Iran has started counting votes a day after its parliamentary election in which conservative allies of Supreme Leader Ayatollah Ali Khamenei are likely to gain a sizeable majority based on partial results.
Iranian authorities have yet to announce the turnout in the February 21 election for the 290-seat parliament, but some early results announced by the Ministry of Interior indicated that the loyalists to Khamenei were set for gains.
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“So far, 42 seats of the parliament had been won outright by candidates,” state television reported on Saturday.
It also announced the names of the leading candidates in Tehran’s 30 parliamentary seats. All were hardliners led by Mohammad Bagher Qalibaf, who is expected to be the next parliament speaker.
“While the official results of the parliamentary elections have not been announced yet, it is likely that conservatives are more likely to get a majority in the parliament and it seem like it will be a landslide victory,” Abas Aslani, a senior research fellow at the Centre for Middle East Strategic Studies, told Al Jazeera.
He said this will be “very important in the months to come”, with a presidential election scheduled for next year.
“We already have the judiciary branch which is with the conservatives, and if the parliament goes more conservative, I think the executive branch, which is the presidency, they will be working very hard to get that too,” he added.
Nearly half of the 16,033 hopefuls in the election were barred by the Guardian Council, a conservative-dominated vetting body. Most of the disqualified candidates were moderates and reformists.
Iran’s rulers, who are under intense pressure from the United States over the country’s nuclear programme, need a high turnout to boost their legitimacy that was damaged after nationwide protests in November.
The demonstrations were met with a violent crackdown that deepened resentment over economic hardship and perceived corruption.
The spokesman for the watchdog Guardian Council, Abbasali Kadkhodai, predicted that the turnout would be about 50 percent, telling state television on Friday that the Iranian nation had disappointed its enemies by voting in large numbers.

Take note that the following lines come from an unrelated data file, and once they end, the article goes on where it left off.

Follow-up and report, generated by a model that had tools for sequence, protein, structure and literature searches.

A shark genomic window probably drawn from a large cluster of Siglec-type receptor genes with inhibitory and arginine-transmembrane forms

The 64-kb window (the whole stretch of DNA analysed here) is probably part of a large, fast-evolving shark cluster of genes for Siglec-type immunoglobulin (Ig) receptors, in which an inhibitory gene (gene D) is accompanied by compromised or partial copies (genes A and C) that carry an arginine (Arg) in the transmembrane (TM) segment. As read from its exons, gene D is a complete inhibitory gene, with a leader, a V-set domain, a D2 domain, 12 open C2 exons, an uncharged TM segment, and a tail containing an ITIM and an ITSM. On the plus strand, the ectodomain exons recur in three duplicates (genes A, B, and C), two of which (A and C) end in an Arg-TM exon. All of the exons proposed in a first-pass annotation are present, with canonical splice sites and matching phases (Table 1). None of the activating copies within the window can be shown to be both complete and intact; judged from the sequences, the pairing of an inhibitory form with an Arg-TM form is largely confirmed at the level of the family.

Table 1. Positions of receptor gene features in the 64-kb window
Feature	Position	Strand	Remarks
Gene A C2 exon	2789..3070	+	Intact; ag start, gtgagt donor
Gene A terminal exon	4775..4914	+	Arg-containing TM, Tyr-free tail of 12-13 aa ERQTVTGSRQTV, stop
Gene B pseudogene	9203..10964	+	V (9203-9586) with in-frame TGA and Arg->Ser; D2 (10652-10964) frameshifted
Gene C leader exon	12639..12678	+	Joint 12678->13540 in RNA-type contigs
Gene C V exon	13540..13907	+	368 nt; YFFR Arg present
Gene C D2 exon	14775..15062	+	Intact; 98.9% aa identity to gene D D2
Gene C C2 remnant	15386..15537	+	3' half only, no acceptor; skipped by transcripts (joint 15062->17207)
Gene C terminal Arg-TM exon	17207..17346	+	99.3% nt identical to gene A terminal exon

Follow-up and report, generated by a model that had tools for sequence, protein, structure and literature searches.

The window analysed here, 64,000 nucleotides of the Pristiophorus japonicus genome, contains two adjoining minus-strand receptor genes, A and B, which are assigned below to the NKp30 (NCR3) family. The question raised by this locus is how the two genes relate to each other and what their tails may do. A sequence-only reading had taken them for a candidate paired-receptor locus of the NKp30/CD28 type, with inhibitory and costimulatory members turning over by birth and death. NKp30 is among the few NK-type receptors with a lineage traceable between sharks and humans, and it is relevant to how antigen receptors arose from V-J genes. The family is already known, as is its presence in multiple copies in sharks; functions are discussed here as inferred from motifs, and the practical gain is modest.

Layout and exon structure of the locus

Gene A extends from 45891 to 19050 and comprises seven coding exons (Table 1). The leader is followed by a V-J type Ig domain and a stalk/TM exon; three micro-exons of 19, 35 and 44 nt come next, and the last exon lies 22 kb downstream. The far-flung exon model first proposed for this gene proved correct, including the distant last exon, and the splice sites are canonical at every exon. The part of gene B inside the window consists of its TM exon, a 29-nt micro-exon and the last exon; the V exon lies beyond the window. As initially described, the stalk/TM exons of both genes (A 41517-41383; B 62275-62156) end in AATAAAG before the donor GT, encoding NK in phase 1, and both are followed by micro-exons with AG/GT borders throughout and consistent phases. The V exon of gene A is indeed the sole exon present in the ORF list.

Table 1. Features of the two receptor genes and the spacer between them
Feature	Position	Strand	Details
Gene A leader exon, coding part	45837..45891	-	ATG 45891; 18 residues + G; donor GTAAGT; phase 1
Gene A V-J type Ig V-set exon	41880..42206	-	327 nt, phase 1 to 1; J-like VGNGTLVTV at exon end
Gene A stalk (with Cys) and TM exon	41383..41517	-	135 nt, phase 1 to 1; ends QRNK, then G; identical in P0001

The turnout was 62 percent in the 2016 parliamentary vote and 66 percent of people voted in 2012.
With Iran facing growing isolation on the global stage and discontent at home over the economy, the turnout is seen as a referendum on the establishment’s handling of the Islamic republic’s political and economic crises.
Voting took place amid the coronavirus outbreak that has so far killed five people in Iran, while the total number of infections stood at 28 on Saturday.
Effect on foreign policy
While the vote is unlikely to have a significant influence on foreign affairs or Iran’s nuclear policy, which are determined by Khamenei, a conservative parliament could potentially bolster hardliners in the 2021 contest for president and sway public policy debates away from engagement with the US.
“I think they [conservatives] will support Iran’s current and existing policies in the region,” Aslani told Al Jazeera. “But when it comes to the US, I think a more conservative parliament will oppose more direct negotiations at least for some time.”
The US’s 2018 withdrawal from Iran’s nuclear deal with world powers and its reimposition of sanctions have hit Iran’s economy hard as Iranians call on their leaders to create better economic opportunities.
A more conservative parliament could also favour expanding the budget of the Islamic Revolutionary Guard Corps (IRGC).
President Donald Trump raised the stakes in his standoff with Tehran when Iran’s top general Qassem Soleimani, who led the IRGC‘s elite Quds force, was killed in a US drone attack at Baghdad airport in January.